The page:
Maternity Wards Make Way for Obese Mothers

Filed under: In The News

According to a recent survey of hospitals in the UK, obesity among pregnant women has become more than a health issue for these moms and their unborn children. It has also become a logistical problem in that some women get so large that they cannot fit through standard maternity ward doorways. Of 33 birthing centers surveyed, 30 confirmed that they have had to widen their doorways.

Clinical director of obstetrics at University College of London, Jo Modder, says she has witnessed hospital staff struggling to fit an obese mother through a delivery-room door,. "It's not by much, only a couple of inches. But it causes problems and it's not very dignified for patients," she said.

Maternity ward doors are not only being widened to allow larger women to fit through them, but also to accommodate the new, larger maternity beds they require.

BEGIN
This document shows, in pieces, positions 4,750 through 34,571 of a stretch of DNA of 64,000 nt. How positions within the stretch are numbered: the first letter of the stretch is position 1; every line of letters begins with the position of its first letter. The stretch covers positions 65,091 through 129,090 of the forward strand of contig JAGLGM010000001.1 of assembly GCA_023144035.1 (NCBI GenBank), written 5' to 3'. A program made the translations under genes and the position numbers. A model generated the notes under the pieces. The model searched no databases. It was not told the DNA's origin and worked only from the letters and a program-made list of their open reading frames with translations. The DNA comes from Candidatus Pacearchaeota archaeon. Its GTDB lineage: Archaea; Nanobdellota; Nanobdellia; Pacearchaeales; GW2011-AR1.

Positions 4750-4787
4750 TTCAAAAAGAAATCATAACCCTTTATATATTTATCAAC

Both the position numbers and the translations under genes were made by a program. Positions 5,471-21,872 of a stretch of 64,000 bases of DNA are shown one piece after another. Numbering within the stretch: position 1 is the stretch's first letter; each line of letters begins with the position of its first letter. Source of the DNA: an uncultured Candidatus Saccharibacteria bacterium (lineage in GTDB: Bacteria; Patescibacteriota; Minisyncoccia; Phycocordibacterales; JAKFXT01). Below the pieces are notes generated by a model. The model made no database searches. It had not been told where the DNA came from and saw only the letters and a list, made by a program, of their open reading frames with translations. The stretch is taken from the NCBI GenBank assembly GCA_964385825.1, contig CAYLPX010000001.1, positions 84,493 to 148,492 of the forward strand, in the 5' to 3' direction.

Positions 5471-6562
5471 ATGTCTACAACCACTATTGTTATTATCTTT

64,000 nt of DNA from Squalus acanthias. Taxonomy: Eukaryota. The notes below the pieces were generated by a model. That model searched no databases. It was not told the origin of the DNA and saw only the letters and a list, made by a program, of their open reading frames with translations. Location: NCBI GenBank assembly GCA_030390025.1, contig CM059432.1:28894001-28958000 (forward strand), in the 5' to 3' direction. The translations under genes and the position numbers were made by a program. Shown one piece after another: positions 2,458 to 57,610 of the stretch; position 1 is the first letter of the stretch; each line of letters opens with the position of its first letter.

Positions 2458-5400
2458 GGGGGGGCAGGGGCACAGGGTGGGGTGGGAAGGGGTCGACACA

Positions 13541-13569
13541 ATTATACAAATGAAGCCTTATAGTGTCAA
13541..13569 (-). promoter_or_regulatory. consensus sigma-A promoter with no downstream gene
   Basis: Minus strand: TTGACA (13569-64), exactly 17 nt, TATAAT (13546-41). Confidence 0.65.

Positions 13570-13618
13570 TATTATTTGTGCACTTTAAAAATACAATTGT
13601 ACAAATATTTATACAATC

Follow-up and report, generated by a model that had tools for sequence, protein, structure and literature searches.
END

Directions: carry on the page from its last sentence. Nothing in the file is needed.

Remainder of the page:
According to the UK's Confidential Enquiry into Maternal and Child Health (CEMACH), a pregnant woman is considered obese if she has a body mass index (BMI) of greater than 35 or weighs more than 100 kg (200 pounds).

Obviously, obesity during pregnancy can lead to problems a lot more serious than tight doorways. Carrying too much weight can cause significant health issues including diabetes and heart problems and can increase the risk of miscarriage. In recognition of that, some hospitals are going beyond door-widening and considering obesity clinics specifically for pregnant women.

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Start by teaching him that it is safe to do so.